If you’re curious as to how the maths work: Japanese paperwork and shipping cost 250,000 Yen, NZ paperwork and delivery in NZ was $900, it was $350 for WOF, plus $350 for registration (inc. a year’s tax). Total about $4500. In Japan the car was worth maybe $15,000, and in NZ it was worth maybe $23,000, so overall we came out slightly ahead. This was in 2007 - no idea about any new tax laws, sorry.

    The point for us was it was *our* car, and we'd owned it for the necessary time outside NZ to not have to pay any taxes. I had to sign a statement saying that we wouldn't sell it for two years, or we'd have to pay some capital gain tax or something.
    Last edited by Chiba; 19th July 2010 at 07:22 PM.

  6. #6
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    Thank you all for the information. I am going to do it. I found an importer in Auckland to work with the dealer in Japan. Hopefully it all goes smooth.

  7. #7
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    Quote Originally Posted by Kewlest View Post
    Thank you all for the information. I am going to do it. I found an importer in Auckland to work with the dealer in Japan. Hopefully it all goes smooth.
    Good that you've a plan, but really wouldn't it be wise to wait until you get here and then consider your options? For example if you've been comparing the prices with those adfvertised here, then you're not factoring in the 20% or so that the sticker price is over the sale price.

  8. #8
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    Quote Originally Posted by Duncan74 View Post
    Good that you've a plan, but really wouldn't it be wise to wait until you get here and then consider your options? For example if you've been comparing the prices with those adfvertised here, then you're not factoring in the 20% or so that the sticker price is over the sale price.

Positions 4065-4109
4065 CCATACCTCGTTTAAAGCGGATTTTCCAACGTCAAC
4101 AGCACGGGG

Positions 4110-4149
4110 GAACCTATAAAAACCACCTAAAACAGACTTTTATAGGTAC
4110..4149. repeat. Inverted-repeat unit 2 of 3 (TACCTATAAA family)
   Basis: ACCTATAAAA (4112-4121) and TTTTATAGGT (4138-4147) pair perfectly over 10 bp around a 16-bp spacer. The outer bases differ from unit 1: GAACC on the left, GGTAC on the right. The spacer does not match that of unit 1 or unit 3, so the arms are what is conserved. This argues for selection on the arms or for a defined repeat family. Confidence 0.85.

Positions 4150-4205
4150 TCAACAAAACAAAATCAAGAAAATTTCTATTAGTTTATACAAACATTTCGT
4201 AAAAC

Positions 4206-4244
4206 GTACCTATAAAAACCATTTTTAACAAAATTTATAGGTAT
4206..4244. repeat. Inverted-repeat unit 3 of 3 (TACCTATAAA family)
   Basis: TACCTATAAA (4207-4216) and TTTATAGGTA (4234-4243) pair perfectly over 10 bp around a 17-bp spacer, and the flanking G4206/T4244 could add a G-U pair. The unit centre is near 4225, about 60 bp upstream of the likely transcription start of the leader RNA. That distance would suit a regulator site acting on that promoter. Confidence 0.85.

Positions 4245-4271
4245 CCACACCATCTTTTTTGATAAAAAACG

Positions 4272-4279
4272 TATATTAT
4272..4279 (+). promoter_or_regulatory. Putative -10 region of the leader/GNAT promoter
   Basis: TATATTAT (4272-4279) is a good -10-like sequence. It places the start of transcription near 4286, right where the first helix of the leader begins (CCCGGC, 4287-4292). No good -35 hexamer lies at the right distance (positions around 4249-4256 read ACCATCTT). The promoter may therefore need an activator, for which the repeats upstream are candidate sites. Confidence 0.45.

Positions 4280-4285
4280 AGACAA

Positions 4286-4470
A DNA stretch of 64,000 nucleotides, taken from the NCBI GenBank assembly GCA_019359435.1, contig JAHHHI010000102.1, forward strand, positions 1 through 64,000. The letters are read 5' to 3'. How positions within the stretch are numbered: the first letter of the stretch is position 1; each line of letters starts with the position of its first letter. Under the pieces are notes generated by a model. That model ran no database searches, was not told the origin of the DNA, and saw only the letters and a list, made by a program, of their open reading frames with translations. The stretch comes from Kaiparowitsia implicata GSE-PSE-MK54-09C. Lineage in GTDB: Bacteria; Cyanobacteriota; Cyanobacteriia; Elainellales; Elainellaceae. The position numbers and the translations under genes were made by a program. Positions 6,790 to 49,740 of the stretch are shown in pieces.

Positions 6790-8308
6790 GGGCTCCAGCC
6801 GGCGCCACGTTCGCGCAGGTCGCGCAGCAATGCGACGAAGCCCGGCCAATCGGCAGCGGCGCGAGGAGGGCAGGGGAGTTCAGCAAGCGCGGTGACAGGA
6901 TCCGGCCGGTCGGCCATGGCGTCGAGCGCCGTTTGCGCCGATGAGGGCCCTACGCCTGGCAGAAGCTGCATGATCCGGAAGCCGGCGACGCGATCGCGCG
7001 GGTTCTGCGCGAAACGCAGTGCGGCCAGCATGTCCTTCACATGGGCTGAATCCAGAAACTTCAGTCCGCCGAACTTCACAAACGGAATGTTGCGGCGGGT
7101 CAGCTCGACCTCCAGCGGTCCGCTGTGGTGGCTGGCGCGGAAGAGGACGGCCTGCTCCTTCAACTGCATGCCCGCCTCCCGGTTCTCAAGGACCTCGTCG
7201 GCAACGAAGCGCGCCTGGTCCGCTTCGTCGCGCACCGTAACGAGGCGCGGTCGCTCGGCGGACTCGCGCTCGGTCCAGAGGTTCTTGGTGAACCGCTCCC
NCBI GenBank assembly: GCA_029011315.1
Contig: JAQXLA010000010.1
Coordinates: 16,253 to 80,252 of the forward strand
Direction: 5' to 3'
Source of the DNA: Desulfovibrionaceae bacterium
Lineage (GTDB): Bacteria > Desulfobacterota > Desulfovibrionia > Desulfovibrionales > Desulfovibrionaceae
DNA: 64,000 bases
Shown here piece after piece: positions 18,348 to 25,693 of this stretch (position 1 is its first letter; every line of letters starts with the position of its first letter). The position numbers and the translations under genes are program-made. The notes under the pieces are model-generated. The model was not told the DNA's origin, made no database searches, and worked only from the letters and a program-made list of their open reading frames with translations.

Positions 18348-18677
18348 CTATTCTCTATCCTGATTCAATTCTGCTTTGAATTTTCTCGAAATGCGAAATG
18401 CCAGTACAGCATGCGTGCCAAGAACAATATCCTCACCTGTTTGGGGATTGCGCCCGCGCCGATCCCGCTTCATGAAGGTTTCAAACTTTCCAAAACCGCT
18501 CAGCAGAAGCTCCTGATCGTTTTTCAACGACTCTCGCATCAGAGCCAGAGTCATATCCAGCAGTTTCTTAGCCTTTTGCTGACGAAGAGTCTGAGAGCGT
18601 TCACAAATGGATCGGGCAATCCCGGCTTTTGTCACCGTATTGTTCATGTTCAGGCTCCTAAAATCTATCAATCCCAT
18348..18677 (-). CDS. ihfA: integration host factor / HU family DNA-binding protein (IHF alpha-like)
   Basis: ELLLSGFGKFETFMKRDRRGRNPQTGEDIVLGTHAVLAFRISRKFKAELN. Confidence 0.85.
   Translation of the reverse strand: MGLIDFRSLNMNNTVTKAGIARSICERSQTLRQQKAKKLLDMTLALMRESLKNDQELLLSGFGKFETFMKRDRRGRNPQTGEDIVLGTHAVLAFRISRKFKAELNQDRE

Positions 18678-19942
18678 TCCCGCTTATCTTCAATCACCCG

You are right and I should listen, but I am hard headed. However, the Jeeps I have seen advertized in NZ are either red and/or automatics. Those two things are deal breakers for me. Plus, I would hate to get to NZ and discover that I have to go back to Japan just to get what I want and wait 8 weeks to get it there.

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    Ok, but I've seen plenty of non-red ones. I would agree that they are very much auto-centric here. Now I was dead set against autos in the UK, and in the end had to 'settle' for one in my last car, but found it actually very good. Wasn't like the old autos, worked very well. However for off roading then I can definately see the need for manuals. Are you going diesel or petrol, and I assume you knwo the differences in fuel prices and all the secondary duties on diesel.

  10. #10
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    Quote Originally Posted by Duncan74 View Post
    Ok, but I've seen plenty of non-red ones. I would agree that they are very much auto-centric here. Now I was dead set against autos in the UK, and in the end had to 'settle' for one in my last car, but found it actually very good. Wasn't like the old autos, worked very well. However for off roading then I can definately see the need for manuals. Are you going diesel or petrol, and I assume you knwo the differences in fuel prices and all the secondary duties on diesel.
    Yes, diesal is a rape in NZ. I am petrol. I will have to get use to the left hand shift.